Pateman, Roy. Residual Uncertainty: Trying to Avoid Intelligence and Policy Mistakes in the Modern World. Lanham, MD: University Press of America, 2003.
From publisher: The author "gives numerous examples of where security has been breached, and networks, severely, even irreparably compromised and explains how the consequences of intelligence failure will surely be graver in the future. Pateman pinpoints the causes of failures in intelligence and policy in today's world and offers solutions that will drastically overhaul and improve our intelligence networks."
Rothkopf, David J. Running The World: The Inside Story of the National Security Council and the Architects of American Power. New York: PublicAffairs, 2005.
To Destler, FA 84.5 (Sep.-Oct. 2005), "[e]xtensive quotations from ... many ... important players are the strongest element of the book, illuminating how policymaking really happens.... As a comprehensive analysis of its topic, however, the book falls short." The author "provides lots of raw material ... but no clear set of conclusions or even a general idea of how everything adds up."
Sewall, Parameters, Spring 2006, finds that this work "is less a systematic assessment of the NSC as an institution than a popular history of the making of American foreign policy." The author "writes well and holds the reader despite the scope and slipperiness of his nominal subject. But his underlying goal seems to be recommending a particular flavor of foreign policy.... Rothkopfs signal contribution lies in demonstrating the importance of personality and relationships in the formulation of American policy."
Ryan, Maria. "The Myth and Reality of US Intelligence and Policy-Making After 9/11." Intelligence and National Security 17, no. 4 (Winter 2002): 55-76.
"[T]he most recent CIA intelligence simply does not support the hardline stance taken by [President] Bush" with regard to the "axis of evil" countries, Iran, Iraq, and North Korea. Instead, the CIA "has been sidelined as far as policy is concerned and the Departments of State and Defense vie for influence on implementing their long-standing policy preferences by fashioning the post-9/11 war on terrorism to fit them."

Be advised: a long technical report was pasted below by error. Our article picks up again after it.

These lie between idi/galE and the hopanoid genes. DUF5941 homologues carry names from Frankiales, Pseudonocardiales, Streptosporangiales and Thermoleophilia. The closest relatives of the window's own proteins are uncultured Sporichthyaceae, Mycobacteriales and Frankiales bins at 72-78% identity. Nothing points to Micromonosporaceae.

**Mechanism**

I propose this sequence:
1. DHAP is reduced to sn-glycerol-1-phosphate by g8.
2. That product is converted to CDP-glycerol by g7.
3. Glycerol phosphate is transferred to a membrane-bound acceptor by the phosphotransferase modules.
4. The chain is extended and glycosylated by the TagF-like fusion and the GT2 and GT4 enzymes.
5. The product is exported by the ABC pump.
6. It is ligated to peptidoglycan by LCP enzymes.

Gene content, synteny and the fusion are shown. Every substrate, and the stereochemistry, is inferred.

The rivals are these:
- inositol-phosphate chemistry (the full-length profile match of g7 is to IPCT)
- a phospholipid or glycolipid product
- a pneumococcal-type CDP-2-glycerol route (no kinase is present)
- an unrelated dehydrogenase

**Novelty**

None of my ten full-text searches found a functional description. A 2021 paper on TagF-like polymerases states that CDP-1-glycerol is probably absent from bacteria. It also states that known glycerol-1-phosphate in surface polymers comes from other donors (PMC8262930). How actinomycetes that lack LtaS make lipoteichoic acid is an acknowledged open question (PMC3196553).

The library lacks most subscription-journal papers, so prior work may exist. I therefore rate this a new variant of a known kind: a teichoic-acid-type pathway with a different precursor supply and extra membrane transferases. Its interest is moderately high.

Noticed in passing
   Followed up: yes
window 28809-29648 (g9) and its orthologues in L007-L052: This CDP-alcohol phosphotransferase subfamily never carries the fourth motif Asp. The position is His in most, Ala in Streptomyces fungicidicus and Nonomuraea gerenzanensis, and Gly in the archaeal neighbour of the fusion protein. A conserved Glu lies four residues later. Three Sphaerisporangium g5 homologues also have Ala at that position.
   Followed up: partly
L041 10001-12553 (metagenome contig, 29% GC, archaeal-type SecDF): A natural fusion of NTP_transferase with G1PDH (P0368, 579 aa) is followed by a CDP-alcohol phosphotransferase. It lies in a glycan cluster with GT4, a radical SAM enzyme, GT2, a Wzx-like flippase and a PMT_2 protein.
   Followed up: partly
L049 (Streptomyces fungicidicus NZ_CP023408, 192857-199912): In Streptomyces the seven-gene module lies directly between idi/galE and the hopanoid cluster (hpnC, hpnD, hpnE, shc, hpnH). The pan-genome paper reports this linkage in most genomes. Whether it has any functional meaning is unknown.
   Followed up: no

Shanker, Thom. "Military Scuttles Strategy Requiring '2-War' Capability." New York Times, 13 Jul. 2001. [http://www.nytimes.com]
"The United States is abandoning requirements that its military be prepared to fight two major wars simultaneously, according to a classified strategy document. Instead, the new strategy will order the armed forces to 'win decisively' in a single major conflict, defend American territory against new threats and, at the same time, conduct a number of holding actions elsewhere around the globe.... The changes are laid out in a 29-page document known as the 'terms of reference,' which the Pentagon will use to guide specific policy and budget requests for personnel and weapons."
Vital, David. "Images of Other Peoples in the Making of Intelligence and Foreign Policy." International Journal of Intelligence and Counterintelligence 16, no. 1 (Spring 2003): 16-33.
"[F]oreign policy decisionmaking begins and ends with the actual makers of policy -- invariably to be found weltering in an imperfectly charted sea of data, some constituents of which are hard, others soft, but virtually all tainted in one way or another as regards precision and reliability."